On 8 December 2017, a “joint report” by EU-UK negotiators on “progress in phase 1 of the negotiations” was published in accordance with Article 50 on the UK`s orderly withdrawal from the EU, as well as a “common technical note” expressing the detailed consensus on citizens` rights. Together, these two reports serve as a detailed draft for the withdrawal agreement. On 13 November 2018, the EU decided that “decisive progress” had been made in the Brexit negotiations, and on 14 November the European Commission and the UK Government published a draft withdrawal agreement as well as three protocols (on the border between Ireland and Northern Ireland, the SOVEREIGN territories of the United Kingdom in Cyprus and Gibraltar) and nine annexes. The text of the negotiated withdrawal agreement and the political declaration on the framework for future EU-UK relations were approved by EU heads of state and government at a specially convened European Council on 25 November 2018. The agreement was revised as part of the Johnson Department renegotiation in 2019. The amendments fit about 5% of the text.  The EU and the UNITED Kingdom should agree on a final version of the withdrawal agreement by October 2018 to allow timely ratification by the European Parliament, the Council (Article 50) and the United Kingdom, in accordance with its own constitutional requirements. The draft withdrawal agreement of 19 March 2018 contains an agreed legal text for the implementation period, citizens` rights and financial management, as well as a considerable number of additional articles. The UK and EU negotiating teams intend to conclude the entire withdrawal agreement by October.
The United Kingdom has opted for a regime that requires EU citizens to apply for a new resident status known as “settled” or “pre-settled.” It is not yet clear whether each EU-27 will exercise its discretion under the withdrawal agreement to force British residents to apply for a new resident status. The 2019 revisions also adapted elements of the political declaration and replaced the word “appropriate” with “appropriate” with respect to labour standards. According to Sam Lowe, a trade fellow at the Centre for European Reform, the amendment excludes labour standards from dispute resolution mechanisms.  In addition, the Equal Competition Mechanism has been postponed from the legally binding withdrawal agreement to the political declaration, and the line of the political statement that “the United Kingdom will consider taking into account alignment with trade union rules in the relevant areas” has been removed.  Yes. A number of important questions are now the subject of consensus: why include the “Irish part” in a protocol and not in the text of the withdrawal agreement? If a different solution/option is found from the protocol – and which takes into account the general objectives of avoiding a hard border and protecting the Good Friday agreement in all its parts – this solution/option could in principle take over from the protocol. From a legal point of view, a protocol is an integral part of an international agreement and has exactly the same effect as any other part of the agreement. If no withdrawal agreement is adopted, it does not mean that there can be no agreement on a trade relationship in the future, but negotiations for a trade agreement should be even more difficult in this case and it would be expected to take longer. CETA between the EU and Canada lasted seven years for negotiations and an additional year before temporarily withdrawing.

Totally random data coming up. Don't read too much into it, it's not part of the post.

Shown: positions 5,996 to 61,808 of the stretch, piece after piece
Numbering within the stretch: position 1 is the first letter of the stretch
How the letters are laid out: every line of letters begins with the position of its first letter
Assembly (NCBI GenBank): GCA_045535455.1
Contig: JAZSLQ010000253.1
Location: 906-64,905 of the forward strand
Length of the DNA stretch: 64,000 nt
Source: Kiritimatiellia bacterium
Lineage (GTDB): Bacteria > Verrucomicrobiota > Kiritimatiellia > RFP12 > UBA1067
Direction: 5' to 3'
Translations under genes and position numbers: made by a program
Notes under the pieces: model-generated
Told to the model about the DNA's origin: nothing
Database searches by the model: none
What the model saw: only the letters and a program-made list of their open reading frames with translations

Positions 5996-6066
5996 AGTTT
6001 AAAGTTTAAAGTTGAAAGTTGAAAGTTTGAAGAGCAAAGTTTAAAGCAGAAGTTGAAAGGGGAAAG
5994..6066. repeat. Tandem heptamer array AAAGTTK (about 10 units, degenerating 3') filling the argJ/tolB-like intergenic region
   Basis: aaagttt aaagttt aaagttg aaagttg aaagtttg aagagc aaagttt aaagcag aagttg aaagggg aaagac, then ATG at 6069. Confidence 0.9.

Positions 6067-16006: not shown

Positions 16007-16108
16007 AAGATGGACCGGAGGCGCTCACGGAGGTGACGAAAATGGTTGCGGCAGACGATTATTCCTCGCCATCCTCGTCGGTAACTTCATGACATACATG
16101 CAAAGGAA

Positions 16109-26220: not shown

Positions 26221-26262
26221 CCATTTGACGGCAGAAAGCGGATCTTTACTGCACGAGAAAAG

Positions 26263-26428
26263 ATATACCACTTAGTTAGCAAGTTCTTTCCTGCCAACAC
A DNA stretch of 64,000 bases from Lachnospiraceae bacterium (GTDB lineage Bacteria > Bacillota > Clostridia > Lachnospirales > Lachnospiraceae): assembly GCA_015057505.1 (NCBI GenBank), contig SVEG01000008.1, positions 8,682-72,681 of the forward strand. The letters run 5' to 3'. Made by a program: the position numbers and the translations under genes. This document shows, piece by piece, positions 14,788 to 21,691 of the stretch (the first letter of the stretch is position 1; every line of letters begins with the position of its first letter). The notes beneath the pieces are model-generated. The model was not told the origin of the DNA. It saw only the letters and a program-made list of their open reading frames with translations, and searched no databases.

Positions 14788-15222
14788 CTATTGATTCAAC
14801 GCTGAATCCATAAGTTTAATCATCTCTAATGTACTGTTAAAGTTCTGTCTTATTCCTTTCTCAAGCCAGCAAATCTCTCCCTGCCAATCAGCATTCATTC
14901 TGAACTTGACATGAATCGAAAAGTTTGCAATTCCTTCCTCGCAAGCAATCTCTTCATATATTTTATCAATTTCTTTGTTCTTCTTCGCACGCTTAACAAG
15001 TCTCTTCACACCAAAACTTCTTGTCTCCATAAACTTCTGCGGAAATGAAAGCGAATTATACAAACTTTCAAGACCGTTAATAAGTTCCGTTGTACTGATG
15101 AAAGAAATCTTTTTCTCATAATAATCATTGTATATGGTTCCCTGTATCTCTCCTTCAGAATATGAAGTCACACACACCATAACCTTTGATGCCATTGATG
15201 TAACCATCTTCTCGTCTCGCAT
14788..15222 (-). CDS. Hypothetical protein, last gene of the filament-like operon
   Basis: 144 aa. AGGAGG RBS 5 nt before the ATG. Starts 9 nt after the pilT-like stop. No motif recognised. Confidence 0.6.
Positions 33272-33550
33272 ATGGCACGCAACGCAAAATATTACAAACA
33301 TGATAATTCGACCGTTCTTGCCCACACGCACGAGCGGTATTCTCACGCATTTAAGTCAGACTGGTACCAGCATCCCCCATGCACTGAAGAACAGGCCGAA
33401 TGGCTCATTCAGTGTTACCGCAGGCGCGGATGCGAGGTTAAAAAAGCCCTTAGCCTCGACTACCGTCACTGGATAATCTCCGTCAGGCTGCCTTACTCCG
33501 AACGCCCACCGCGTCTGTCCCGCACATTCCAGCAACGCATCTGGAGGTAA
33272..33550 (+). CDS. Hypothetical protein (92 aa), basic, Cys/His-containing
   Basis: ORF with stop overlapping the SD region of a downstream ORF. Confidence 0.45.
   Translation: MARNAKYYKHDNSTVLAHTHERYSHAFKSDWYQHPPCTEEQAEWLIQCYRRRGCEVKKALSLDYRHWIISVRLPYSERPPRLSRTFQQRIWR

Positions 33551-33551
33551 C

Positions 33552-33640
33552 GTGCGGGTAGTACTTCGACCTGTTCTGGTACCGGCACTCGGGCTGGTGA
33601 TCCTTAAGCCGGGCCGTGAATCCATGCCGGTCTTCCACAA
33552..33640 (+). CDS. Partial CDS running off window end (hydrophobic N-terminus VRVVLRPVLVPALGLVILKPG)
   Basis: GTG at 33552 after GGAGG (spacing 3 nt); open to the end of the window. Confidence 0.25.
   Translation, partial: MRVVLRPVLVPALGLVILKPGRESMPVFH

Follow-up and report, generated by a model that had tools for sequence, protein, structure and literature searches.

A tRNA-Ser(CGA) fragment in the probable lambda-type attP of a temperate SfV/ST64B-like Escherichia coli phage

13. What if there is no future relationship agreement before the end of the transitional period in December 2020? The British Parliament approved the draft agreement by adopting on 23 January 2020 the implementing laws (the 2020 Withdrawal Agreement Act) of the European Union (withdrawal agreement). Following the signing of the agreement, the UK Government adopted and tabled the UK`s ratification instrument on 29 January 2020.   The agreement was adopted by the Council of the European Union on 30 January 2020, after the agreement of the